ALBANY, N.Y. (WWNY) - Nearly 40 percent of New York’s frontline health care workers haven’t been vaccinated against COVID-19 more than three weeks after the first doses arrived in the state.
“If you’re not vaccinating the nurses and the doctors, then they get sick,” Gov. Andrew Cuomo said. “If they have the infection, they’re a super-spreader.”
The governor said 60.8 percent of hospital workers have been vaccinated, not nearly enough to reach the 70- to 80-percent vaccination rate the state needs for herd immunity.
The numbers don’t look as bad in the seven-county region the state designates as the north country.
Here, 70 percent of hospital personnel have been vaccinated. The percentages range from 78 percent to 50 percent. About 21 percent have declined a vaccination.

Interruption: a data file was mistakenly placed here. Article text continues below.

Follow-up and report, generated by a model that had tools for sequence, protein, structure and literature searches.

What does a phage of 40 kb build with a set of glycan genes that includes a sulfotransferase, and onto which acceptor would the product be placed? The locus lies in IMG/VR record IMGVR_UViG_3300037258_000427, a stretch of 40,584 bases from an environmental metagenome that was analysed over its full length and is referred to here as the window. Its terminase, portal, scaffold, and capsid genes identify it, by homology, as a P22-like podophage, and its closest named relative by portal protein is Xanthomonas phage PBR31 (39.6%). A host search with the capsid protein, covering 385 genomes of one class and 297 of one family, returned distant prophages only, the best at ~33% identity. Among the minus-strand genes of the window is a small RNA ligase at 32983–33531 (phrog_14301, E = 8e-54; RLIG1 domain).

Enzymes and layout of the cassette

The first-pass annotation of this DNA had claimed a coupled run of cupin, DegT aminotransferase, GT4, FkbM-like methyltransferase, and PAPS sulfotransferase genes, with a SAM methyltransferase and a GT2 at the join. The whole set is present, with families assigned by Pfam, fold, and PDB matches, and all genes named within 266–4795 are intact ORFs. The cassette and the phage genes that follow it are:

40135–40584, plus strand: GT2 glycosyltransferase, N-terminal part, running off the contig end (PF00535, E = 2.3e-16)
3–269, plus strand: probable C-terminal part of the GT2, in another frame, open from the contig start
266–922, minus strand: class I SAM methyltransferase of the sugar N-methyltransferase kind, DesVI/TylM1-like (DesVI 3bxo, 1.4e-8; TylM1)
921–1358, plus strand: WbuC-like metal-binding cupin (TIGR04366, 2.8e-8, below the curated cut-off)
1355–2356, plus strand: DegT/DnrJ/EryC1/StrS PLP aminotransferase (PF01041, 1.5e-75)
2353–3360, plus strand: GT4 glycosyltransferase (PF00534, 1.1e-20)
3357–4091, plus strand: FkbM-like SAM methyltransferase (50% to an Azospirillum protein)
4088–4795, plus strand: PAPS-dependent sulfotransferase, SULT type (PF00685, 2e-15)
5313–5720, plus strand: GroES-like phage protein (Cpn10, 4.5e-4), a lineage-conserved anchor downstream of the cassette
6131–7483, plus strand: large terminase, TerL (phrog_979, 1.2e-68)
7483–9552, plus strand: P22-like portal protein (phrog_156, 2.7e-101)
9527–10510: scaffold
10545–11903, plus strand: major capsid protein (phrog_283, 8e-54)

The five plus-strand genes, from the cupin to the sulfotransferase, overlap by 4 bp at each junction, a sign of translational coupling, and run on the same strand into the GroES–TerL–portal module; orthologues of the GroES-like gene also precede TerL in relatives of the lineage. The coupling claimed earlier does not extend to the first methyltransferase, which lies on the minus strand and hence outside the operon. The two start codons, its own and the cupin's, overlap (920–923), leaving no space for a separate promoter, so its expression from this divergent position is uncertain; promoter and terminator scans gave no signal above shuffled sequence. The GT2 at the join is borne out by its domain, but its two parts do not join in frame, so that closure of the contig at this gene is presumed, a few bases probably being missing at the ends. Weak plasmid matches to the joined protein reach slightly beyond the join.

Statewide, the numbers range from nearly 100 percent in some hospitals to one as low as 23 percent.
About 74 percent of the state’s vaccination supply has gone into New Yorker’s arms, the governor said.
In the north country region, that number is 90 percent.
One reason it’s so high may be because the supply has been low.
Cuomo said the state had been receiving about 300,000 doses a week and the federal government promised to increase the supply.
Instead, he said, the state received 250,000 doses this week. That’s as the number of eligible New Yorkers jumped to 7 million.
“So, there was no increase in supply and, in the meantime, there was a dramatic increase in eligibility,” he said.
And that “was like opening the floodgates of eligibility,” he said.
“And that flood has to go through a syringe,” he said. “All this volume and it has to go through the point of a needle – literally and figuratively.”